Q4. How does the merger between Qantas and Air New Zealand affects Air Fiji?

Firstly it does not really affect Air Fiji. Qantas is proven and well established airline, whilst Air New Zealand was considered, at one time, to be amongst the best. Air New Zealand made some very unfortunate expansionary blunders, which almost cost the country its airline. With continued escalating costs, the "partnership" appears to maske sense, only time will tell.

Q5. In the last Tourism summit in Savu-Savu, the aim was to go towards the billion dollar industry. What is your opinion about this?

It is not an easy task. However, It will be achievable if new hotel and resort projects come on line (as projected) within the next two to three years, and additionally, appropriate student and management training is implemented as soon as possible. There will need to be an effort that will entail everyone in Fiji, so as a genuine Fiji experience is felt when you go everywhere, from shops to buses, markets, excursions, etc. not only the large International Resorts. We need to go back to basics and try hard to live up our old FVD adage "Fiji, the way the world should be". In today's troubled world, the sense of romance and exoticness which is synonymous with the South Pacific, can be a very strong attraction to those potential visitors that are just fed up with the daily media dose of world troubles. Fiji is very well poised to attract visitors to meet our target given the fact.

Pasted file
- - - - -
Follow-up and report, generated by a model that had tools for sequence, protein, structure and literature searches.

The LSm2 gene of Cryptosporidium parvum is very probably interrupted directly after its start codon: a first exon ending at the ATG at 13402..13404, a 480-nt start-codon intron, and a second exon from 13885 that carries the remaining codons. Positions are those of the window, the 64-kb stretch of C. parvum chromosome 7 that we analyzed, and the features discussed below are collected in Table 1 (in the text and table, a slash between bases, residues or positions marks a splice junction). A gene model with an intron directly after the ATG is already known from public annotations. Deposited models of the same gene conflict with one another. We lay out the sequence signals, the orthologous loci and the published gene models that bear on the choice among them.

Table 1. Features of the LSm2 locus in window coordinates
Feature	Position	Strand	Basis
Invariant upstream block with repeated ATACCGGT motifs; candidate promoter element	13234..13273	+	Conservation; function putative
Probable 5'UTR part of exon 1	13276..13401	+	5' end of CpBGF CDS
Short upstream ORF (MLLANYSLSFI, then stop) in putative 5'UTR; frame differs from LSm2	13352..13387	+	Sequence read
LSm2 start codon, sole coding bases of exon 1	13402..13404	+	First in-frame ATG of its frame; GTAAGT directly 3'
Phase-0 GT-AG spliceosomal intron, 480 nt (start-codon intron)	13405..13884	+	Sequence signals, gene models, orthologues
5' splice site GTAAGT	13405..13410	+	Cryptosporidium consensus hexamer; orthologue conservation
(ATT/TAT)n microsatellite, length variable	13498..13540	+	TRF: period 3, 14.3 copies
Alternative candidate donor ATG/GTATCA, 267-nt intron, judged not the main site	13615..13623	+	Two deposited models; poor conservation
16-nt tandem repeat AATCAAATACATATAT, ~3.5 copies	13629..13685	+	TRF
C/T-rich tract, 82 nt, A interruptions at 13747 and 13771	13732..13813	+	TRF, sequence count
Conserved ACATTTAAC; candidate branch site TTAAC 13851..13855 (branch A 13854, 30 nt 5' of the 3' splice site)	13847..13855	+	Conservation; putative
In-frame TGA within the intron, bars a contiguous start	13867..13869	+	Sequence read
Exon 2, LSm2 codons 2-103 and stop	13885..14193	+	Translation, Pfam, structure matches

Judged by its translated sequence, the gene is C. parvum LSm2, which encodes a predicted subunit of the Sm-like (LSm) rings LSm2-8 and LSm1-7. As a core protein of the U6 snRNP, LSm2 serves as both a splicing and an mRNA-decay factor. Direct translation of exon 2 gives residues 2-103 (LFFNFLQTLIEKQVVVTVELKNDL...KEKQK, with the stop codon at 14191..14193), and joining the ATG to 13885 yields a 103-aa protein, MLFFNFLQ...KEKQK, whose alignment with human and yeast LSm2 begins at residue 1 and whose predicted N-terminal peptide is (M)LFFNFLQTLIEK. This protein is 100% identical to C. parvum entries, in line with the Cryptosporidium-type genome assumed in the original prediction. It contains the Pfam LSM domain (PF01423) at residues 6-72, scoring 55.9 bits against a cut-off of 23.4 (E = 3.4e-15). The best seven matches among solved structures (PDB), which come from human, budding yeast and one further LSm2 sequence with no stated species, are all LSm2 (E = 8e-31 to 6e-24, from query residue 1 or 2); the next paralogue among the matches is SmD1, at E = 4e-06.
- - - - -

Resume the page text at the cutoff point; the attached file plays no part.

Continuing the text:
Q6. After the coup of May 2000 there was a dramatic decline in tourism arrivals. Is Air Fiji financially recovered from that time? What can you tell us about your latest financial results and expectations for 2003?

Our results for both 2001 and 2002 have been very encouraging with acceptable profit levels achieved in both years. Certainly, I would like to think that we can do a little better than last year for 2003. I am very optimistic about 2003. It is going to be a good year all around for us given the noticeable increase of tourism from our primary markets of Australia and New Zealand and the upcoming South Pacific Games in July.

Q7. After the event of May 2000 the Fiji Tourism Industry has tried to attract visitors back to Fiji. What has been Air Fiji's role in this effort?

Air Fiji has contributed to the various "damage control" tourism committees that were formed to combat the negative media reporting associated with the event of May 2000. We contributed financially and through professional input. We also worked very closely with the Fiji Visitors Bureau, the Fiji Hotel Association and with wholesalers by providing discounted or free domestic air travel to journalists and travel agents so that they could witness for themselves the remarkable quick recovery. In fact, some island resorts off Nadi continued to record very good occupancy during and immediately after the event of May 2000. If you look at the many troubled spots in the world, you find that Fiji is a very resilient country, meaning that after a significant negative event, the people of Fiji by our nature, are able to get on with life and business very quickly. The year 2003 is a prime example of this. We are projecting a record number of visitor arrivals, two years after a major setback, and it will certainly be achievable.